“This year, Rosh Hashanah falls on Thursday and Friday. Many Jews, due to the terrible conflict, are in the army where they cannot daven in tzibbur or hear the shofar. The government is permitting them to travel home for the two days of Rosh Hashanah on condition that on the day after Rosh Hashanah, that is, on Shabbos, they return to the army. I was asked if it is permitted for them to accept this furlough for two days… since the Shulchan Aruch rules in chapter 586:21 that one may not desecrate Yom Tov even with a shvus derabanan such as climbing a tree, in order to hear the shofar.”
In reply to this shailah, Rav Breish compared the situation to the halochah that requires someone to set off on a sea voyage three days before Shabbos when there is a risk that he may be forced to do melocha en route. If a person is on his way to do a mitzvah, however, he may set off even less than three days before Shabbos. Based on this precedent, Rav Breish permitted the soldiers to take their furlough in order to fulfill the mitzvos of Rosh Hashanah even if this might lead to issurim when they returned afterwards on Shabbos.
To another question, he gave a negative answer (O.C. 82). Asked whether it was possible to blow via a radio or microphone for soldiers who were unable to hear the te- kiyos, he ruled that this would be invalid since the microphone or radio would be assisting in the propagation of the shofar blast and they would not be hearing the pristine sound of the shofar itself.
The Kovno Ghetto
Far more drastic shailos (MiMaamakim 2:11) were brought to Rav Ephraim Oshry (1914-2003) who was the decisor of many life and death questions during the existence of the Kovno Ghetto during Nazi oppression. In one teshuvah, he describes the courage of the Kovno Jews on Rosh Hashanah, and discusses whether someone who was rendered physically flawed through Nazi brutality could be a shliach tzibbur on Rosh Hashanah:
“Question: ״.It was decreed that every public prayer is forbidden and that whoever violated this order would be liable for the death penalty, and how much more not to gather and bless Hashem publicly on Yom Tov. The cursed Germans enacted this decree about two weeks before Rosh Hashanah 5703, when the Jews imprisoned in the Kovno Ghetto were intending to blow the shofar according to halochah, and to daven that Hashem take them from dark to light and be their shelter at this time of tribulation״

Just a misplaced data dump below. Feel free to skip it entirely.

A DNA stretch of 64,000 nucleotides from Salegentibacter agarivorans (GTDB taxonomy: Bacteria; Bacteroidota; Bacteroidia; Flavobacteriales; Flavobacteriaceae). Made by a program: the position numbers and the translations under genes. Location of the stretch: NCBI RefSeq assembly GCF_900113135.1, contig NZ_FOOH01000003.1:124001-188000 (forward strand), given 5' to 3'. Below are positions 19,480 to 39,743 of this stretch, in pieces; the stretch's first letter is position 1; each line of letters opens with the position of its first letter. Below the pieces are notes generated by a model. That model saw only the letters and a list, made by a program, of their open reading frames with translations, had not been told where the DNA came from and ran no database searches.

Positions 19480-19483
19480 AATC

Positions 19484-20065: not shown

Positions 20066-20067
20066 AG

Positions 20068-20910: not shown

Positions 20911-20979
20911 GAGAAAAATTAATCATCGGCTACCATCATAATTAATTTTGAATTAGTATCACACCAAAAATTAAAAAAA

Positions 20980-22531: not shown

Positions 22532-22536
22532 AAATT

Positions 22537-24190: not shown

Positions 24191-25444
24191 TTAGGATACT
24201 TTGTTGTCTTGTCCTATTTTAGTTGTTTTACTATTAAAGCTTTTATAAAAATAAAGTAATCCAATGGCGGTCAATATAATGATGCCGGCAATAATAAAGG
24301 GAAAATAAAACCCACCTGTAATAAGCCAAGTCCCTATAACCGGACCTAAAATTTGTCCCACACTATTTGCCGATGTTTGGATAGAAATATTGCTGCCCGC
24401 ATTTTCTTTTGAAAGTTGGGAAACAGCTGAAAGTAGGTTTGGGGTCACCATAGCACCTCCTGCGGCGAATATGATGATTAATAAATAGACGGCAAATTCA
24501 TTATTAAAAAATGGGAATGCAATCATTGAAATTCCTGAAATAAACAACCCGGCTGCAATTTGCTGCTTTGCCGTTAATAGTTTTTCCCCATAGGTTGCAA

“Despite their decree and the mortal danger involved in disobeying this decree, countless minyans were arranged in the ghetto, and even those whose hearts had strayed and never davened, joined their believing brothers in prayer, that He who dwells on high should hear our voices and save us״ Even in the ghetto hospital the director, Dr. Zacharin, organized a minyan for Rosh Hashanah and Yom Kippur, even though he was always assimilated and far from Jewish matters. At that time, a question was brought to me״”
In brief, Rav Oshry’s shailah involved a Jew who was supposed to serve as the chazzan at the hospital minyan, but had now become a baal mum at the hands of the Germans. According to some sources, it would seem that such a person is invalid to serve as shliach tzibbur. After analyzing the sources, Rav Oshry permitted this specific case and even joined the minyan: “I too davened with that minyan in the hospital, and I delivered a derosha after Kol Nidrei to inspire people’s hearts to their Father in heaven, that He should have mercy on His nation and speedily save them.”